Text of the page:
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Monday, Feb. 7, 2011
The Sky Tree phenomenon
Sky Tree, the new tower going up in Tokyo, has become a fixture in Japan's mass media. Each week brings another spectacular photo in the photogravure section of a weekly magazine, and newspapers breathlessly report each new benchmark passed on the way to its final height of 634 meters in the spring of next year.
The new landmark, a broadcast tower for digital television, has already brought tourism and increased development to the area, although this has proved to be something of a mixed blessing for local residents. While tourist spending is of course welcome, sightseeing buses and construction-related trucks have also caused traffic congestion. Authorities believe that the resulting diversion of passenger cars to back streets is a major factor in a rise in traffic accidents in four wards of eastern Tokyo, with 41 deaths as of Dec. 26, an increase of 12 over the previous year.
On a brighter note, Sumida Ward wants to use its higher profile to attract a university to a site not far from the tower. Originally the ward planned to build a track and field facility on the land, formerly occupied by an elementary and middle school, but now it hopes to bring in a new population of young people with a four-year or six-year institution of higher learning. It is presently accepting applications from institutions and will announce the final candidates in August.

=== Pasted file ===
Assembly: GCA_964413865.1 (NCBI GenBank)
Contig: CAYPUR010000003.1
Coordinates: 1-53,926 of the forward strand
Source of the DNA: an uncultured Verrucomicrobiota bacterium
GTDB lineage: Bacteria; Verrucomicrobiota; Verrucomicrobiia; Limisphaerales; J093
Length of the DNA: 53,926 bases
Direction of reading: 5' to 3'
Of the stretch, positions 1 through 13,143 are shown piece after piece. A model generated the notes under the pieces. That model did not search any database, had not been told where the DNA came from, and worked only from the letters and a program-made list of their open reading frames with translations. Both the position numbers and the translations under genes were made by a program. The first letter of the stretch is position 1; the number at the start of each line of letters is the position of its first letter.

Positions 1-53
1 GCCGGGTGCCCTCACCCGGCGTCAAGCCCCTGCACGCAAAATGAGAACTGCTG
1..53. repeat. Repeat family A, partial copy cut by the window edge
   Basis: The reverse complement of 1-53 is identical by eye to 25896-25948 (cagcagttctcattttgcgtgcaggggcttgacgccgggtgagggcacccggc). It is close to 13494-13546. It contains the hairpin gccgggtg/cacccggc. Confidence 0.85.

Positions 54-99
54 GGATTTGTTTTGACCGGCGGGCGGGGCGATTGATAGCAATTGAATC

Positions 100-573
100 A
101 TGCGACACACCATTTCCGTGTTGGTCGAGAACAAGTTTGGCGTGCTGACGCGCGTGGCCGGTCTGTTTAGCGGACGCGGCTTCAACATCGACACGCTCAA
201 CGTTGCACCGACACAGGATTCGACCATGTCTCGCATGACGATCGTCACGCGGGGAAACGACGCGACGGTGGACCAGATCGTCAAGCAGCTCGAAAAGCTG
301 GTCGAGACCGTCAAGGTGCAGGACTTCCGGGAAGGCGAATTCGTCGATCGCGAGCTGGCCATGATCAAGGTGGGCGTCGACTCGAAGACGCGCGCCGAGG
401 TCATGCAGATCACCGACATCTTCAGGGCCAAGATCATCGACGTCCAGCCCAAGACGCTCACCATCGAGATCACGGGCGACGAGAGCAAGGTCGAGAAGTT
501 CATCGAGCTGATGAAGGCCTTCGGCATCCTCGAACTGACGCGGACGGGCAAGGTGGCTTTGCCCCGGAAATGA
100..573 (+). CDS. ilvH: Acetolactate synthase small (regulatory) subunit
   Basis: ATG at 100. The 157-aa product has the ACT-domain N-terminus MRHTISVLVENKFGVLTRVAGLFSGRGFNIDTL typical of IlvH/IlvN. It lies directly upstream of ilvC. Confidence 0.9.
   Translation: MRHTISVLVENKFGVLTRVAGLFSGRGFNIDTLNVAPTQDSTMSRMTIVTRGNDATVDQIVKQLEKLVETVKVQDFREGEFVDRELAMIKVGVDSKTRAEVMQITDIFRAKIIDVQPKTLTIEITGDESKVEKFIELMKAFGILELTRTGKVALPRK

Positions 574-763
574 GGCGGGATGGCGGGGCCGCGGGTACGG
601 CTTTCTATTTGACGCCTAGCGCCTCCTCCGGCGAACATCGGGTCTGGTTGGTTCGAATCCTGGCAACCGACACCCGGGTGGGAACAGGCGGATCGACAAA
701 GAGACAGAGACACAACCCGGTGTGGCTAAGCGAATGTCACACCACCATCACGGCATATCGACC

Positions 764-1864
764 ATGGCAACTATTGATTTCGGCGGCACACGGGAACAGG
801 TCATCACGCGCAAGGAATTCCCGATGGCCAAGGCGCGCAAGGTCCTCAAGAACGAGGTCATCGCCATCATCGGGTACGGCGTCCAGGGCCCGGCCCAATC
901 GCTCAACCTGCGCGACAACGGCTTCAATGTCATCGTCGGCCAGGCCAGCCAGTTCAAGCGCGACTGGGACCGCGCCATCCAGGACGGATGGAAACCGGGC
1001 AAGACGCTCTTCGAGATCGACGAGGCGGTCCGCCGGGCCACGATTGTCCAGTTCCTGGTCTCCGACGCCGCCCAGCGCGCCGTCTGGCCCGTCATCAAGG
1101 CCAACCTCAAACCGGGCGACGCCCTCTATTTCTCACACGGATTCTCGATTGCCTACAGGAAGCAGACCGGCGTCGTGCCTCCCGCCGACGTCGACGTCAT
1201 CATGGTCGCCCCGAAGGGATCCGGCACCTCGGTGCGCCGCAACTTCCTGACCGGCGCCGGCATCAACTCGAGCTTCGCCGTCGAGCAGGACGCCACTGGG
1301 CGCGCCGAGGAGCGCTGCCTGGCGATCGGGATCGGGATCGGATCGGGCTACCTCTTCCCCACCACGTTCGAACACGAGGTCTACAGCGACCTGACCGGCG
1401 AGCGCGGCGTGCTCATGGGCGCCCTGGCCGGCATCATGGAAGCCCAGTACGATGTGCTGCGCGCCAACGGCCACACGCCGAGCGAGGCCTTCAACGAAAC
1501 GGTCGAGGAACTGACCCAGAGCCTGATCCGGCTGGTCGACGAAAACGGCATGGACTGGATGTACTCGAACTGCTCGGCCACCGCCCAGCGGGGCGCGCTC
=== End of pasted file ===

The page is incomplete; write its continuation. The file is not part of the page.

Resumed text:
Beyond tourism and redevelopment, Sky Tree is rapidly becoming part of the popular culture, as demonstrated by the choice last year of a Sky Tree scene for one of the special New Year's postal cards. It has even made the opening sequence of the long-running animated series "Sazae-san," as well as appearing in TV commercials, manga and video games.
The rising tower, juxtaposed against the everyday scenery of old Tokyo, is particularly popular with amateur photographers. Favored spots, especially at twilight, have already become established for the best view.
Why shouldn't Sky Tree capture the popular imagination? In a time of diminished expectations, it is a welcome sign that some Japanese still have the ability to think big.